In this lesson, students will look closely at real fossils and take notes in their journals. Then we will look at some videos and pictures to discover how fossils form over time and how rocks play a huge part in that process.
This lesson aligns to Essential Standard 1.E.2.1, Summarize the physical properties of Earth materials, including rocks, minerals, soils and water that make them useful in different ways. Click here to hear my Explanation of Essential Standards and Essential Question.
Our essential question for today is "How do fossils form?"
*Specimens of fossils - amber, petrified wood, etc.
It does not take much to get first graders excited about dinosaurs! To get this lesson off to a good start, I begin by giving each table group of 4-5 student a plate with a few different fossils on it and some hand lenses. I say,
"Today, we are going to do a little exploration before we even get started! Take about 10 minutes and look carefully at what is on your table. Take some notes and make some sketches in your science journals, and record any questions you might have".
As the students work, I help students who may have difficulty recording their questions by writing with them. After about 10 minutes, I ask everyone to join me with their journals on the carpet.
Analyzing and interpreting data, including recording information, pictures, and drawings, supports Science and Engineering Practice 4.
Once we are settled on the carpet together, I say,
"Fossils are usually found in sedimentary rock. Let's look at some examples of how real scientists - usually paleontologists - find fossils".
I show this National Geographic video which shows paleontologists in action.
Then I show this website which has good images of fossils and lots of information to talk about. As we go through the page, I read to my students and we talk about the vocabulary words like 'petrified wood', and I give them a piece to pass around. Showing specimens of these types of fossils while we are discussing them helps students to really connect the abstract things we are learning about --fossils forming for millions of years --with the objects.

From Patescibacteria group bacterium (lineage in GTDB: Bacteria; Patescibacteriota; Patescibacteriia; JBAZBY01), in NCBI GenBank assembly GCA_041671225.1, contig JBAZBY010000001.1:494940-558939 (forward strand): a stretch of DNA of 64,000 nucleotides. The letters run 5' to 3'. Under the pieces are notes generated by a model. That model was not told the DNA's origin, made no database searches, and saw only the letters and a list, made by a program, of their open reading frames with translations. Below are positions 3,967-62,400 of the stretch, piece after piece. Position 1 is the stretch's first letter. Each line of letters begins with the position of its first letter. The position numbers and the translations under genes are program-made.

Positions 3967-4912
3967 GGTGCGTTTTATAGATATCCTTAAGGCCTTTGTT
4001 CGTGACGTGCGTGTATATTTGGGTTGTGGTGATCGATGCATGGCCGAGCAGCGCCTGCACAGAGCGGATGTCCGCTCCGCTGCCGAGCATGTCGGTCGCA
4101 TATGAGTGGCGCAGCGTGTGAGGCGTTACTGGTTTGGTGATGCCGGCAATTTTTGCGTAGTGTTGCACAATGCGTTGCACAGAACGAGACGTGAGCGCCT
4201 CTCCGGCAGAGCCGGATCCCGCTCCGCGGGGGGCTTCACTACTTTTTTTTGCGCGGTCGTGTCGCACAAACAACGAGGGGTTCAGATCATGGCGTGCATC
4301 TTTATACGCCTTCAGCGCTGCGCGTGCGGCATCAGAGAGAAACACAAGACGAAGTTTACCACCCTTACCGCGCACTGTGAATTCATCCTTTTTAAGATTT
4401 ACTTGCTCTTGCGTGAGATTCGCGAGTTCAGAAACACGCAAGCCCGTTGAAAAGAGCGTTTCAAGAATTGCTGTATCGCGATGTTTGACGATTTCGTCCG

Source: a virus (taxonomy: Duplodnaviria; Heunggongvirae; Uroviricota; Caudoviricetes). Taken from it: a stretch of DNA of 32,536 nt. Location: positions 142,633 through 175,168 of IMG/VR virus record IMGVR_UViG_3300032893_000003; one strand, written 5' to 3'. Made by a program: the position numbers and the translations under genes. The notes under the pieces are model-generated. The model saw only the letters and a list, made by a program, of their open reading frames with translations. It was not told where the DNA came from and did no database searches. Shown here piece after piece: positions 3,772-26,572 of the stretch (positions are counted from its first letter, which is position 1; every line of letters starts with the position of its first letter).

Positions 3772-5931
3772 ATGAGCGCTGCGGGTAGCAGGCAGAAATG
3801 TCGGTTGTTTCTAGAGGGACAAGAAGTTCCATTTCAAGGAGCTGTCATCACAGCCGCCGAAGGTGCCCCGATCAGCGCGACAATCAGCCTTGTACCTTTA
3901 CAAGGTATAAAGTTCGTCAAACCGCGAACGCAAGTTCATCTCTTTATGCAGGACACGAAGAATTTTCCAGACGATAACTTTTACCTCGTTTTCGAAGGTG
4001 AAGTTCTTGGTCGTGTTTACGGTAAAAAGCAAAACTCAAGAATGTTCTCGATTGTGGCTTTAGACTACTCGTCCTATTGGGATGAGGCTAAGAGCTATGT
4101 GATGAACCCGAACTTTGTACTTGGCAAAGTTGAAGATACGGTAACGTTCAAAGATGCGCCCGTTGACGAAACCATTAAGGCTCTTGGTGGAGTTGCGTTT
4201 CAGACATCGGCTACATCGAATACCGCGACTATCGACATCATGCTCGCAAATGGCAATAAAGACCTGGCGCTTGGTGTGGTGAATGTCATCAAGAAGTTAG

Then I show a picture of amber and explain that it is fossilized tree resin and I pass a piece around for my students to touch.
Finally, I share the La Brea Tar Pits website with my students and we watch the video of the excavation in progress and talk about how they could visit as the paleontologists are still finding new fossils every day. We also talk about how that could be a career choice if someone was really interested in rocks and fossils!
There are lots of other good videos on this website, too, if we have time!
Learning about the natural world through media supports Science and Engineering Practice 8.
To end the lesson, I always ask my guiding question. I have students turn and tell a partner how fossils were formed, then I ask 3-4 students to share with the class. Communicating information and ideas supports Science and Engineering Practice 8.
To have a bit of fun with this lesson, I end with this Fossil Rock Anthem video which is really fun but also shows good images that review lots of the concepts we talked about today with fossils.